Aldi Chilean Carmenère - Gooseberry nose, nice overlay of caramel and chocolate, well-controlled acidity, not much finish, slight throb in the temples and an odd whiff of gunsmoke at the very end, but at £4.99 a bottle, this is the way forward, only challenged by

Sainsbury's Winemaker's Selection Corbières - an absolute steal on the day I paid £4.75 a bottle for it, generating a nice sensation of armpits on the nose, some good tannins, a hint of brush cleaner, perilously little finish, but on the other hand a fabulous colour, positively imperial in its depth and murky richness.

White: Why do we even need a white? I know a dessert wine quite often makes its way onto the table at the same time as the pudding/mince pies, but realistically, everything calls for one of the reds above. Except: not everyone drinks red. It's Christmas. The obscure Auntie Sis has come to town; she only likes white; you've forgotten to get any. What to do? The obvious: rush round the corner to the newsagent or petrol station (God knows what time of day this is when she reveals her preference, I'm assuming the supermarkets have shut) and get a bottle of Blossom Hill Chardonnay, priced around £5.99, + or -. I have to admit that this is weird drink, with elements of nasal spray and marshmallows, a fugitive implication of grapes, a kind of terrible brightness about it, like an American TV news network. But this does not matter, because Sis, who only drinks white, who drinks it with rare roast beef and venison flanks, doesn't care as long as she's got some to console her through the long flatulent orgy that is Christmas Day. 

And relax.

Next Week: PK's more portentous take on the same thing, but honestly, I wouldn't waste your money. I mean, haven't you spent enough on presents already?


Thursday 4 December 2014

Sonic Decanter; Lidl Rioja

So there are times when I wonder if this isn't the moment to start up a Sediment test lab, to catalogue the various ways in which the wine drinker can improve his or her experience of the drink without spending any long-term real money or having to buy any big-ticket wines

I mean, so far, and quite without any proper co-ordination, PK and I have played around with a mug, a pichet, a Riedel Tasting Glass, a wine aerator, a Duralex tumbler, plus some variations on the DIY angle, just to see what easy, low-rent, low-cost, ameliorations can be achieved in the wine/drinker interface. At least two (Duralex tumber; Riedel Tasting Glass) have turned out to be more or less guaranteed to lift the experience of drinking - one by wrapping it in a psychologically benevolent envelope; the other, apparently, by messing with the physiology of consumption, although anyone who spends £25 on a wine glass is going to have to justify that little indulgence any way they can, physiology or not, and I remain unconvinced, but that's by the by. Anyhow, every encounter with wine is mutable: the wine itself being nothing less than an opportunity to deal in sensations.

To prove the point, it turns out that scientists have properly stormed the winerack, with the creation of the SonicDecanter - a miraculous device from, obviously, the United States, which treats wine as merely the first term in a narrative, using ultrasound to Make every wine better.

How does it work? We know this much:

- It uses patented technology
- Ultrasonic energy transforms the molecular and chemical structure of wine
- It softens tannins, esters and polyphenols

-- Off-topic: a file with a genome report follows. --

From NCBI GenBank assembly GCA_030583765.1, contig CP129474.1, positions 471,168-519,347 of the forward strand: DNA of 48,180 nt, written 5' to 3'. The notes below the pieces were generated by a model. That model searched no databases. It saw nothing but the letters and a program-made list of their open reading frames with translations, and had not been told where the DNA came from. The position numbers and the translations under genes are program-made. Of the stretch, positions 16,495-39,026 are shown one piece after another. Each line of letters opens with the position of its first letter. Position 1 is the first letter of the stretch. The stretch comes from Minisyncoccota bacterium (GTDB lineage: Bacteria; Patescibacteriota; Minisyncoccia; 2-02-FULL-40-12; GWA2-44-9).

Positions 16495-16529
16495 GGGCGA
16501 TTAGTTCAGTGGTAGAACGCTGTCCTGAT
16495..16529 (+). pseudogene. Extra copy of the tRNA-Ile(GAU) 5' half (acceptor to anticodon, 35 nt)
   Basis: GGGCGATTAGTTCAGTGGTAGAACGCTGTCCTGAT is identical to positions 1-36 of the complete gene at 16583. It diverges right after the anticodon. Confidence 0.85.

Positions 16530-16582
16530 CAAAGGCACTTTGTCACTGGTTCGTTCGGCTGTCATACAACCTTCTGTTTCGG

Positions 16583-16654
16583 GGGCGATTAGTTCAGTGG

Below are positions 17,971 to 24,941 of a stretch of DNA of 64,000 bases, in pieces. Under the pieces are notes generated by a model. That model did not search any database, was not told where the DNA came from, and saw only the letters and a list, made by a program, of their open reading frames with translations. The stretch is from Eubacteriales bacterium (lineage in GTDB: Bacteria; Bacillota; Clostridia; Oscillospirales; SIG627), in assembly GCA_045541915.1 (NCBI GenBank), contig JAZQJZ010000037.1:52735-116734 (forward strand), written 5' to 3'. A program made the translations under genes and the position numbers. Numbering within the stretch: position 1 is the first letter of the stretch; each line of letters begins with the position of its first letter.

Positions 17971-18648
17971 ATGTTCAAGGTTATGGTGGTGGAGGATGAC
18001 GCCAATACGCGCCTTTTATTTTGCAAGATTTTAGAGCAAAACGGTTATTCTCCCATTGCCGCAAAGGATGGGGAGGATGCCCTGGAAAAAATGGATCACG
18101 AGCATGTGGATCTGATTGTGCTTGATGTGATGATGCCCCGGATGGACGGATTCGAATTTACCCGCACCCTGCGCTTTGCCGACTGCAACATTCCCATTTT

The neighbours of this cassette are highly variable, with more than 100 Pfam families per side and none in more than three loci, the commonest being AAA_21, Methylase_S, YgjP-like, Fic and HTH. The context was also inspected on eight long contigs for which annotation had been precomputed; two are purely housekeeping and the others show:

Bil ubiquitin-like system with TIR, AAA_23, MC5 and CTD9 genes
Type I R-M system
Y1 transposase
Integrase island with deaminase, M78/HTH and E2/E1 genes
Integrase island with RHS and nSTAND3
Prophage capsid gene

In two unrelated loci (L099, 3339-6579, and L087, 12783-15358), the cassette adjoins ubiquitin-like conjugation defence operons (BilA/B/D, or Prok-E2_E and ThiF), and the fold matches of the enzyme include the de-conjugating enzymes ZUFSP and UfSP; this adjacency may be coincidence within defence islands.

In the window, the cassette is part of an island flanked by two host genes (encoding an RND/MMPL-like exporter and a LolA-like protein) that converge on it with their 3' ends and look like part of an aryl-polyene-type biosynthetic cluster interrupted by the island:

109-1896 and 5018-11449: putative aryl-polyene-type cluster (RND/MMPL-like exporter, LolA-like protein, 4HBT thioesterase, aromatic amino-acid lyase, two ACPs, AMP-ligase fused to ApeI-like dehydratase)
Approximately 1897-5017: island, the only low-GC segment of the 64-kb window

- You have to put a bit of water in the base to get it to work, stick an unopended bottle of wine in, then press a white button for whites and a red for reds
- No decanting, no aerating. It takes twenty minutes to soften up a red
- You can control it from your smartphone
- Gizmodo reviewed it, declaring that I Zapped My Wine With an Ultrasonic Decanter and It Tasted Pretty Good; while hollered Great Results in Wine Tasting and a lot of other fabulous things
- The inventors went to Kickstarter to get enough funds to start production, and in no time had hit their target of $85,000. Last time I looked, they were heading for $140,000. There is clearly a need for this device

It seems that the vast majority of wine bought in The States costs $10 a bottle or less - pretty close to the £6 watershed we observe over here. Anything, therefore, which can make $10 wine taste like $20 is evidently going to be up there with remote car unlockers and disposable razors in terms of sheer utility. Projected UK price for the Sonic Decanter is around £150, which means it will have to double the perceived value of about 25 bottles of £6 wine before it pays for itself. Which is nothing. Why, only the other day, I bought a couple of bottles of Lidl Rioja at £3.99, both of which could have done with a good two hours in the Decanter, given that my red-eyed tasting notes reveal massive tannins, road re-surfacing, some flypaper, vanilla and crisps finish before concluding on a dying fall of alcohol haze like standing under a flightpath. Of course, at £3.99 a go, I'd have to buy 37.5 bottles before the Sonic Decanter cleared its inital costs, so there may be a law of inverse pleasurability in operation, but I think we can afford to be pragmatic.

The question then becomes philosophical, rather than economic or purely technological. How much does it matter that my £12-tasting bottle was only made with the care and attention of a £6 bottle? If breaking out the Sonic Decanter is the wine equivalent of using studio magic to make a terrible singer sound like Etta James, is it fundamentally an imposture? Is it a typically American reduction of distinctive craft skills to an approximated universality, which, in time, will leave us all drinking indivisibly okay reds and whites whether we want to or not? Do we take an objective or subjective view? And what would I have to do to get my hands on a pre-production model? I have no laboratory; but I do have a very old raincoat which, if you half close your eyes, looks a bit like a lab coat. I mean, it's a very light mac.